● We begin with a quote from an extraordinary eight-month investigation by WOUB Public Media in Athens Ohio. A little girl in foster care whispers to her mother during a “supervised visit”:
‘Mommy, I’m scared. Please, please don’t make us go back,’” [her mother] Theresa recalled. “She says, ‘Please don’t make us go back to this foster home. Please Mommy, don’t make us go back there. They’re so mean to me and Everly and we don’t feel comfortable there. Please, Mommy. Please.’
Over the course of eight chapters, WUOB tells a story that strips away all the excuses for the family policing system – a more accurate term than “child welfare” system. What makes this series so horrifying is it doesn’t focus on a horror story – it focuses on a case that is remarkably typical, and concludes:
The agency removed her children based on allegations for which it appears the agency did little to investigate and never provided much evidence to support. What evidence is available shows most of the allegations were false.
Still, it took Theresa months to get three of her children back. In the meantime, her daughters suffered abuse at a foster home and her younger son descended into a mental health crisis.
It’s a long read that’s worth every word, and every minute of your time.
● Rylenn isn’t the only child whose anguished cries were in the news last week. Listen to the there-year-old son of Joshua Sabey and Sarah Perkins as he is forcibly removed by Massachusetts family police in the middle of the night.
They say they’re bringing the lawsuit against the public employees who took their kids because they are in a position of privilege and want to see change in DCF’s practices. “We’re educated,” Sarah Perkins explained. “We have really involved family members. We have access to resources and financial assistance, and I think the vast majority of families in the system are impoverished, or, you know, just have way fewer resources at their disposal. And I think because of that, we feel a real responsibility to do something that can help families in this system that don’t have this sort of capability to change laws, to change statutes.”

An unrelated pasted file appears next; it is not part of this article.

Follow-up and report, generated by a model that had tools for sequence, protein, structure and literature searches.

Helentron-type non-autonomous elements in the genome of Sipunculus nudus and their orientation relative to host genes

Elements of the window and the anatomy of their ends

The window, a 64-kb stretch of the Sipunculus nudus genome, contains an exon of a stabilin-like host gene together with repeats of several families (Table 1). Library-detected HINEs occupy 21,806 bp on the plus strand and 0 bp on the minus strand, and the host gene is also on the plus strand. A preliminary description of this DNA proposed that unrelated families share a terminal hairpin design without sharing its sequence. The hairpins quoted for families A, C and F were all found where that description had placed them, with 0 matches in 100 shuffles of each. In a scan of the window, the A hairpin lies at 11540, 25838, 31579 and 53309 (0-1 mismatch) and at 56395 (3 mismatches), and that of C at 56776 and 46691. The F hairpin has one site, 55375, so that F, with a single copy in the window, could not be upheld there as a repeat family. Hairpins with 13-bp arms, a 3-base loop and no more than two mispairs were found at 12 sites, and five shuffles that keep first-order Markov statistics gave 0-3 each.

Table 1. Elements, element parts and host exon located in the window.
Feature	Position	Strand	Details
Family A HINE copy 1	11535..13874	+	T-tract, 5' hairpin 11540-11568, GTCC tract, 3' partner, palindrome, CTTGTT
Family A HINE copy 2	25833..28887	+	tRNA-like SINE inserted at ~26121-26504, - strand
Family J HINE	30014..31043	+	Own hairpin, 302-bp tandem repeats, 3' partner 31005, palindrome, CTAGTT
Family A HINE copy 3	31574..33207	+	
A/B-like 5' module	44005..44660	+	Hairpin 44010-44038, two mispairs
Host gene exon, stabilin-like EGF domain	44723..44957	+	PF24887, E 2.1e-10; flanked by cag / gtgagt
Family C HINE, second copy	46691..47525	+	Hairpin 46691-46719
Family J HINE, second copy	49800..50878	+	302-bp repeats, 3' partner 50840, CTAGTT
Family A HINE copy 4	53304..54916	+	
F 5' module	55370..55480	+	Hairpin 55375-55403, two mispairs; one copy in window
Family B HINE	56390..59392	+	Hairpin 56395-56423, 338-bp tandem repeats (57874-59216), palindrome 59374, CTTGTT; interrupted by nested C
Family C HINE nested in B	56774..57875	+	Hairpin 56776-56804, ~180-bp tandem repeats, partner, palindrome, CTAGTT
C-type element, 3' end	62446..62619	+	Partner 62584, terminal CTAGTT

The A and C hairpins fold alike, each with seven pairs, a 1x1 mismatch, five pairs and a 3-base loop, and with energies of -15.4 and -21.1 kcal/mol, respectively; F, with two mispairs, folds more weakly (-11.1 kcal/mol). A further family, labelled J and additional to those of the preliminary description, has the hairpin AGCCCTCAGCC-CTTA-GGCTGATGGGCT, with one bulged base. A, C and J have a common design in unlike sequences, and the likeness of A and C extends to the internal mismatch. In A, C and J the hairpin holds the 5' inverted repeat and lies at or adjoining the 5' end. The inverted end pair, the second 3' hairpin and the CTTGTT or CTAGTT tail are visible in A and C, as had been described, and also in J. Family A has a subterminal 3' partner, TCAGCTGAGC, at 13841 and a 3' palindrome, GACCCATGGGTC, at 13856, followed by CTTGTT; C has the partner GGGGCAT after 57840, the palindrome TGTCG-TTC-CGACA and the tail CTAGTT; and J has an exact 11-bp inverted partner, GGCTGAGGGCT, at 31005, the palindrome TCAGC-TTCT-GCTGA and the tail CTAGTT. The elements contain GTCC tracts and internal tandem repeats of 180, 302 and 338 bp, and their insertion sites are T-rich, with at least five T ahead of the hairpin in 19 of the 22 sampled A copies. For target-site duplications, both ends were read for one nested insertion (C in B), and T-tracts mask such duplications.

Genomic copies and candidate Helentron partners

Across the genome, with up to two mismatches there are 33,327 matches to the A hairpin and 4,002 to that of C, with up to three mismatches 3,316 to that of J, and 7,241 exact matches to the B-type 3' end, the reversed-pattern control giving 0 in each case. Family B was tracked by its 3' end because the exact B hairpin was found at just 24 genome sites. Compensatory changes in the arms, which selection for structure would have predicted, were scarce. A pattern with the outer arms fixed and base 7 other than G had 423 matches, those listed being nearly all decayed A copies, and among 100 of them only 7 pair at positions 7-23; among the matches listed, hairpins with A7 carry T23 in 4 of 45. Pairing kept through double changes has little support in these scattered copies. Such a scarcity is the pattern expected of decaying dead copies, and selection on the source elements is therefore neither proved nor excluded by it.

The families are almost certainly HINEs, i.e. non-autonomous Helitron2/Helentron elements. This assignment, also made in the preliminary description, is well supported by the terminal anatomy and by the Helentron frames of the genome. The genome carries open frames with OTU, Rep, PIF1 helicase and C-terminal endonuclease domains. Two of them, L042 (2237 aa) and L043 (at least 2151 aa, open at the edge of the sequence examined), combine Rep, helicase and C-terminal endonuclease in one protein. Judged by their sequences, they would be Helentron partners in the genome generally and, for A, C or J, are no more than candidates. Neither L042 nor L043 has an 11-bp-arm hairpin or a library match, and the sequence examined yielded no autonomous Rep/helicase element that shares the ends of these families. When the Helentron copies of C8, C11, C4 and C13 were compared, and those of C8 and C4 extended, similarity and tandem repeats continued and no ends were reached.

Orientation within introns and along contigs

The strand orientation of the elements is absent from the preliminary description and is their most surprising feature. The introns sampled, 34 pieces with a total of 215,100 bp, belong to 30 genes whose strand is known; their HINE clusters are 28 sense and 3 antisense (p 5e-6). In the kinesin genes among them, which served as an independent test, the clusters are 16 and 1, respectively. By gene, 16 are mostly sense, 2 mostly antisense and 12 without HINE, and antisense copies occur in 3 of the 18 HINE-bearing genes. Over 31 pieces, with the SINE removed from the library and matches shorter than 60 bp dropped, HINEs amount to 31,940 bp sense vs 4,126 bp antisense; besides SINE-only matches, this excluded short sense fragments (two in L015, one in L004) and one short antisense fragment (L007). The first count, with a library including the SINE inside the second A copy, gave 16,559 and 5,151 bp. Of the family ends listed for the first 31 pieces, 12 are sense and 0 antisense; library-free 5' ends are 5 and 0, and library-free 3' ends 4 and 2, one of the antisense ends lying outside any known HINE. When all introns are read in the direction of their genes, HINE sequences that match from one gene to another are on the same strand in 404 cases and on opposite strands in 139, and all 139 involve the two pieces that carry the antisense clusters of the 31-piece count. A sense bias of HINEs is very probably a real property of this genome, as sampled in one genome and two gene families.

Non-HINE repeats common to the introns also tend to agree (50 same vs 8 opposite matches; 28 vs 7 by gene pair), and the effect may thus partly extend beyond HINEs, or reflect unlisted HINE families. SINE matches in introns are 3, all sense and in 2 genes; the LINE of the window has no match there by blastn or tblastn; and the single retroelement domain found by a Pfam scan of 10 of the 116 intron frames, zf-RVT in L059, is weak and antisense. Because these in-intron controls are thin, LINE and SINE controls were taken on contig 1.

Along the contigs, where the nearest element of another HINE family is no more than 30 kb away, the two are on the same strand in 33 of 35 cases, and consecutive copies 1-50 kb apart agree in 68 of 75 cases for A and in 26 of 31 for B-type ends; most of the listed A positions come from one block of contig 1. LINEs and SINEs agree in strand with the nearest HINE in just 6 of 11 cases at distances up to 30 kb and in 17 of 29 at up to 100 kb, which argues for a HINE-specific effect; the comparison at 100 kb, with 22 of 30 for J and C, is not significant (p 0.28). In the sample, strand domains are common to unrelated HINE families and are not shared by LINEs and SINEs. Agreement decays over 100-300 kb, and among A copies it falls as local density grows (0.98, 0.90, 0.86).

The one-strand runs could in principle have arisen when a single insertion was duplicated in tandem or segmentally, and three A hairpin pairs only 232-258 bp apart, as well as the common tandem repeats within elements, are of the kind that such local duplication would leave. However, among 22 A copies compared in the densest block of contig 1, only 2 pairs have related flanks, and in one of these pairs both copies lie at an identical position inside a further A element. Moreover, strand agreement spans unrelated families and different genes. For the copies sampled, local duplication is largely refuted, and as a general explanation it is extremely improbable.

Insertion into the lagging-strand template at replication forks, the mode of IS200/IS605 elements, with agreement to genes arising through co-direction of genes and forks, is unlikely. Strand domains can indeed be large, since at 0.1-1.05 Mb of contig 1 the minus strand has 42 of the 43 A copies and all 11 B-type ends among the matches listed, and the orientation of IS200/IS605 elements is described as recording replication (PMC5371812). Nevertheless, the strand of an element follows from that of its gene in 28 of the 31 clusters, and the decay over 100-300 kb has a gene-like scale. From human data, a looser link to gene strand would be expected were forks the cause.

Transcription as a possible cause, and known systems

And as Sabey told The Boston Globe: The system “just churns out injustice after injustice.”
See also NBC10 Boston’s story about the lawsuit, an in-depth examination of the case from The Washington Post, and our take in this blog post.
● On The Imprint podcast, professors Vivek Sankaran and Christopher Church discuss the enormous harm inflicted on children by family policing’s mad rush to termination of children’s rights to their parents. They show how this approach undermines the very “permanency” the family police claim to favor. And though this kind of termination is often analogized to the death penalty, Sankaran and Church show that it’s actually worse. Their law review article on the topic is here. I wrote about their findings on this blog here.
● And speaking of “permanency”: Remember that distinguished professor at Penn State who said even aging out with no family at all might be better for foster youth than reunification or guardianship? She claimed that’s because aging out foster youth have access to “additional resources” – in other words, money is more important than love. Youth Today reports on a new study which finds that’s not working out too well.
● Another study by Professors Youngmin Yi, Frank Edwards, et. al, provides new insight into how far the termination madness has gone in some states. In West Virginia, for example, 14% percent of Black children will have their parents taken from them forever. In Maine, it’s 15% of Hispanic children. I discuss the findings, with a link to the full study here. And NCCPR has summarized some of the findings in the NCCPR Index of Family Police Oppression:
● Movement for Family Power, Reimagine Child Safety, the Maryland Office of Public Defender and several other groups released a groundbreaking report, Drug Tests Are Not Parenting Tests. (And for those who share my aversion to the flipbook format, the report can be downloaded as a .pdf)
The report reminds us:
In healthcare settings, pregnant people who use drugs are often vilified and deemed unfit or dangerous to their children based on their drug use alone. This social stigma causes individuals to fear physicians, social workers, and other healthcare providers, and often discourages pregnant people from engaging in routine prenatal care or, when there is an actual substance use disorder, from seeking treatment.35 This is why the American College of Obstetricians and Gynecologists (ACOG) opposes non-consensual drug testing and punitive responses to drug use during pregnancy such as criminal prosecution or the threat of child removal.
The report also reminds us of the unreliability of drug testing:
Even poppy seeds can trigger an opiate positive if eaten close enough to the time the sample was taken.
● I single out that example, because as this story from NJ.com makes clear, it is not just a hypothetical.